-1
$\begingroup$

The language given is: $$L = \{\langle M\rangle \mid M \text{ accepts all strings of length at most 5} \}$$

I have to find the class to which this language belongs.

Now according to my intuition, recursive enumerable languages are those which have verifiers i.e for any string $w \in L$, there is a way to prove that $w \in L$ and for recursive languages, along with the above condition, for any string $w \notin L$, there is a way to prove that $w \notin L$.

Now, there will be finitely many strings which are of length less than or equal to five. We can make a TM which accepts all of these finitely many strings, and hence, the given language is recursively enumerable.

However, it is not recursive because to prove a string $w \notin L$, the only way to do that would be to "run" the TM on the string to prove that none of the strings greater than length five are accepted and since there are infinitely many such strings, we will never finish checking.

Is this approach correct?

$\endgroup$
  • 1
    $\begingroup$ "We can make a TM which accepts all of these finitely many strings, and hence, the given language is recursively enumerable." No, that just shows that $L$ is non-empty. $\endgroup$ – David Richerby Sep 14 '18 at 16:58
  • $\begingroup$ @DavidRicherby So would it mean that in addition to showing that it accepts all strings of length less than five, I would also have to show that it doesn't accept any string whose length is greater than five and since there are infinitely many such strings, the language would not be RE? $\endgroup$ – Gokul Sep 14 '18 at 17:15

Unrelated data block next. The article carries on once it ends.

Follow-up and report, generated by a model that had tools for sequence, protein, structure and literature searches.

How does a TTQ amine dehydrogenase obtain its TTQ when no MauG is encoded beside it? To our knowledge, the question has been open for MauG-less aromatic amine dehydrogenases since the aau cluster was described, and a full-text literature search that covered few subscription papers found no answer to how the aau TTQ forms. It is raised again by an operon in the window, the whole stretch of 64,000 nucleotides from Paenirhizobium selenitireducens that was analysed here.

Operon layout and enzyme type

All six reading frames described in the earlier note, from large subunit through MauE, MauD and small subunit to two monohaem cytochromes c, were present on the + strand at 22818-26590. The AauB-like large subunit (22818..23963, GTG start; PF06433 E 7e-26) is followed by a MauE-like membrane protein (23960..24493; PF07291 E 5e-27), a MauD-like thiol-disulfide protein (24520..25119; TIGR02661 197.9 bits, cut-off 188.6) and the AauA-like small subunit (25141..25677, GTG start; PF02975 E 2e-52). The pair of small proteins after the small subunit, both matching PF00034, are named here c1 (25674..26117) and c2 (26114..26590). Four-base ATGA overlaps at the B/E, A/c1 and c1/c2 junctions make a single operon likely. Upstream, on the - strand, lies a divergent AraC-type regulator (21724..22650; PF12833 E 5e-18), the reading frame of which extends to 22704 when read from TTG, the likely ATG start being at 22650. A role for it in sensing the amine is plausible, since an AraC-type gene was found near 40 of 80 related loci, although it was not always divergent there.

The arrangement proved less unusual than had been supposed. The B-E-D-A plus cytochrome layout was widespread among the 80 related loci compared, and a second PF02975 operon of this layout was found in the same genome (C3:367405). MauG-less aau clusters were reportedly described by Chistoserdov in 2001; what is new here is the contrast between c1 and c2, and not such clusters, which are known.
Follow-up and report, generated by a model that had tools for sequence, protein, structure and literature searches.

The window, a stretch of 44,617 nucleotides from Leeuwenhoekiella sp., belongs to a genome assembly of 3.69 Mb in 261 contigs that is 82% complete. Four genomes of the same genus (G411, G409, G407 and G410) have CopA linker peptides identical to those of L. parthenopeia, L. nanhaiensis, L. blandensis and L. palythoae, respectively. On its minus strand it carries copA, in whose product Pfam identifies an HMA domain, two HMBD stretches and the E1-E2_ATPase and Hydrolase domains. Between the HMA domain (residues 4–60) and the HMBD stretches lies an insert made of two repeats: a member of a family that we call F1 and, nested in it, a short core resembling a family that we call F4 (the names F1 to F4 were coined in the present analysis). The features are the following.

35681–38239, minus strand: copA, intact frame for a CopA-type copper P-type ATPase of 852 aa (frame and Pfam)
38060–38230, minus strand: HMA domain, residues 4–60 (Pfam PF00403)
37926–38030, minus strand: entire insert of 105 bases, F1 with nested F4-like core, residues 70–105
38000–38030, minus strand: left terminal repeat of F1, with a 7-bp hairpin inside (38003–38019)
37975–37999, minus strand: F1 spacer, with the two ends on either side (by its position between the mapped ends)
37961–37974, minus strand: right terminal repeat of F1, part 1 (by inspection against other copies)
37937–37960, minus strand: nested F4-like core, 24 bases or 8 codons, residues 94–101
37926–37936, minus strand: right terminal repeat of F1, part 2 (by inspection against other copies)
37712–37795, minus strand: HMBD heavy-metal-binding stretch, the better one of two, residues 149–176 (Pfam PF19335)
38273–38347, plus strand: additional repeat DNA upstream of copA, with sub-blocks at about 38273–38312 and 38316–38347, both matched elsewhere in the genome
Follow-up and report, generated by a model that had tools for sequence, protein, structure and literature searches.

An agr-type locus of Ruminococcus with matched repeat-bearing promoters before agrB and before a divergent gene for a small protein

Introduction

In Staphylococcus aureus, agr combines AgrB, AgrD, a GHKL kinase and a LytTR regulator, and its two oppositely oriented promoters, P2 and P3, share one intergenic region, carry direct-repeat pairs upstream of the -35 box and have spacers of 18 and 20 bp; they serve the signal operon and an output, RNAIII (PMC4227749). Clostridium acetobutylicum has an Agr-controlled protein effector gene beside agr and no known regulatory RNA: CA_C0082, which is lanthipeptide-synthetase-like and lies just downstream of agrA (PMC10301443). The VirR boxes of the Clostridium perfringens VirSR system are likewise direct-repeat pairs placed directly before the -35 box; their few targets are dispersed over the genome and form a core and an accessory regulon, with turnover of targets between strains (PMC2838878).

• 1
    $\begingroup$ You are given a description of a Turing machine. Your job is to determine whether or not it accepts all strings of length at most 5. Demonstrating that there is some other TM that accepts all such strings doesn't do anything towards that. $\endgroup$ – David Richerby Sep 14 '18 at 18:38
2
$\begingroup$

Your approach is slightly incorrect in the sense you have to built a Turing machine that given an input $M$ has to check whether $M$ accepts those strings and not build a Turing machine that itself accepts all those string. Note the difference here. And L is recursively enumerable because you can clearly build a Turing machine $M_1$ that on input $<M>$, constructs the corresponding Turing machine $M$, runs $M$ on all strings y of length at most 5. If $<M> \in L$, $M$ would accept all those strings and hence $M_1$ would accept $<M>$, verifying the construction. You can show its undecidable by reducing the Membership problem of Turing machines to L, i.e, $MP \leq_m L$.

$\endgroup$

Your Answer

By clicking “Post Your Answer”, you agree to our terms of service, privacy policy and cookie policy

Not the answer you're looking for? Browse other questions tagged or ask your own question.